Normal Service or Lip Service?

No response yet from O2 to the questions we asked about its opted-in marketing database, which I was told last night could actually number more than 1 million subscribers, rather than the 300,000 we reported yesterday.
It will be interesting to see how forthcoming O2 is with answers, given a conversation that took place last night at the networking event following the mobileSQUARED Taking Internet Mobile roadshow.
The point under discussion was whether mobile operators really take mobile marketing seriously, or whether they merely pay lip service to it, given the minuscule contribution it currently makes to their revenues, compared to voice and text.
A comparison was made with the fixed Internet. 25  years ago (roughly, it’s not that important), there was no Internet, then it emerged from the primordial soup of academia, and so companies set themselves up as Internet Service Providers with a very clear business model of charging people a set fee each month to provide them with access to this thing called the Internet. In some cases, these companies, like BT, also did other things, but they took a conscious decision to set themselves up as ISPs because they could see a revenue stream.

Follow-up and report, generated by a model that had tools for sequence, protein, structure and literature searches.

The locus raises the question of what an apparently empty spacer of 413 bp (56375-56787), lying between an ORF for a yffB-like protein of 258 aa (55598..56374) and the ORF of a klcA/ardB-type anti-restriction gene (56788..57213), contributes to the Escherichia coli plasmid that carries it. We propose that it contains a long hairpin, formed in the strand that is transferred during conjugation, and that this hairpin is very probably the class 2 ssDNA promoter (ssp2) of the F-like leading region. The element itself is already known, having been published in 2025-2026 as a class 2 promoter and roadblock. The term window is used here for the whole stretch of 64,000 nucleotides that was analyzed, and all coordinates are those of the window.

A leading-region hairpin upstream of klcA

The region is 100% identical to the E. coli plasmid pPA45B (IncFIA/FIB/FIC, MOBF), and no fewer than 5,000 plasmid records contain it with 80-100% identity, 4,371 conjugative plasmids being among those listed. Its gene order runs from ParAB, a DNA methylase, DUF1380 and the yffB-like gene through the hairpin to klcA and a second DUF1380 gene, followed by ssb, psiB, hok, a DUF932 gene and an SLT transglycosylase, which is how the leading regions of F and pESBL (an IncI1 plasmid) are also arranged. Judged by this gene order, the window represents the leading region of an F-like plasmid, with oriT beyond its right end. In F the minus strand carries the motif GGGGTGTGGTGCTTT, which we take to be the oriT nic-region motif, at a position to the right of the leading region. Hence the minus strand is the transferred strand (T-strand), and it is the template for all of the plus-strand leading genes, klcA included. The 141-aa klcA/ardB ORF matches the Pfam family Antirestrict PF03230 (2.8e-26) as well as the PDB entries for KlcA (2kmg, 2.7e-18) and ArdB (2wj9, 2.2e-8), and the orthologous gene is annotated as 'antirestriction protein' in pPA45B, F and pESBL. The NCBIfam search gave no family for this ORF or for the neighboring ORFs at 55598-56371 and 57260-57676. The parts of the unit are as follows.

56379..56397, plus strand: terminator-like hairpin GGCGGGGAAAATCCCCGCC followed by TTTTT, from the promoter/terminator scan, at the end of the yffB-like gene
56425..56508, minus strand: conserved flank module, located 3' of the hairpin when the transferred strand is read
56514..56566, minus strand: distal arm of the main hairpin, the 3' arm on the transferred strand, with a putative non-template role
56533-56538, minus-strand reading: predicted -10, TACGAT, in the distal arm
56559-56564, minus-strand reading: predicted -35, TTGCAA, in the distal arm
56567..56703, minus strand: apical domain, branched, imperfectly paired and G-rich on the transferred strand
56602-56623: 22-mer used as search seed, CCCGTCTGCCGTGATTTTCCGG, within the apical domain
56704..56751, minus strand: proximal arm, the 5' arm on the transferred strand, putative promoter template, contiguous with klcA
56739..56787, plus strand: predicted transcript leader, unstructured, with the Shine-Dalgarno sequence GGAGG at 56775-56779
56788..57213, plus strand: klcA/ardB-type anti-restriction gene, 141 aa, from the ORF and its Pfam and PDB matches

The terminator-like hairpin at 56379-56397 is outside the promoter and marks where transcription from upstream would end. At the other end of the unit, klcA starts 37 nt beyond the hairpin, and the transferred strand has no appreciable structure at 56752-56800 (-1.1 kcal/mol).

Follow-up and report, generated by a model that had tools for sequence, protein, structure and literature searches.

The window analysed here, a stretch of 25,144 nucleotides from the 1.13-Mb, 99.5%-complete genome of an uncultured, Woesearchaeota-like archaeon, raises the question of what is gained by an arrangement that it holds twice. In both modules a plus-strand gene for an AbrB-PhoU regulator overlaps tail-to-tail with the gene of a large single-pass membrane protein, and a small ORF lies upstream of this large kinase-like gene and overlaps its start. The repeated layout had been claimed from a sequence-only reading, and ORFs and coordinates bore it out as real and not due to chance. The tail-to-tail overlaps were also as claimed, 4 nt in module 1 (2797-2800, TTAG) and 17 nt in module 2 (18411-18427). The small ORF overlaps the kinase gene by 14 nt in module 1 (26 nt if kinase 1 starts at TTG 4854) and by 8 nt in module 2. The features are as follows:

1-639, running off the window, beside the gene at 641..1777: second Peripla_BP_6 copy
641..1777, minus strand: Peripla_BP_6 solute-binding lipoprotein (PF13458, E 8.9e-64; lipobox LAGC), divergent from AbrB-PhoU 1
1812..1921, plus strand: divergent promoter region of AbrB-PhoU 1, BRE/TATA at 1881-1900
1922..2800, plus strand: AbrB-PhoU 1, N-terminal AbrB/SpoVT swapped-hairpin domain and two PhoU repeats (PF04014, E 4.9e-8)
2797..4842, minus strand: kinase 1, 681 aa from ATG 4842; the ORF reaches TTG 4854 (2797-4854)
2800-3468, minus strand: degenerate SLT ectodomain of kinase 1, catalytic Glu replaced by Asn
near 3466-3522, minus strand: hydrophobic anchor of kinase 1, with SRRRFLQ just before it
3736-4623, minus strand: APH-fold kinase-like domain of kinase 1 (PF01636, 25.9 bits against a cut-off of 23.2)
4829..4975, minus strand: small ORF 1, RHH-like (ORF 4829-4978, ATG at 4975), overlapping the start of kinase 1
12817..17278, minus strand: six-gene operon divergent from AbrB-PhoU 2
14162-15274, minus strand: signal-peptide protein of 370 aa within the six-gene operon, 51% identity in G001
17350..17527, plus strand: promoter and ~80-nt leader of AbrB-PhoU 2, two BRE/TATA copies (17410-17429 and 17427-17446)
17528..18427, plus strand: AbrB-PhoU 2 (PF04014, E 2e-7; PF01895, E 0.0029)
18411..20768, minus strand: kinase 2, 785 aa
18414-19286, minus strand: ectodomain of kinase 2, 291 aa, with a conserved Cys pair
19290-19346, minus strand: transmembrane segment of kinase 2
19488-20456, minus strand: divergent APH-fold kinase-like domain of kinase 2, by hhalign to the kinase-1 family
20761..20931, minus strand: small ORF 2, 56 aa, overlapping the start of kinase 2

Look at the mobile web and things are slightly different. Here, you had mobile operators raking in millions, billions even, from voice and text, when along comes all this data stuff that they didn’t really ask for or push for. Rather, it’s been driven by mobile content companies looking for an obvious distribution channel for their goods, and by brands and, to a greater extent, their agencies, who can see great potential in mobile as the ultimate, personal, customer engagement channel. Meanwhile, the operators, arguably, would rather focus on the stuff that makes the money here and now.
This theory would explain why 3, which had no legacy voice and text business when it opened its doors for business has, arguably, been the most innovative of the UK operators when it comes to anything closely related to data services or mobile marketing.
The operators may argue otherwise, and it would be great to hear someone from one of the major UK operators put their point of view. A response from O2 about that marketing database would be a good place to start.

David Murphy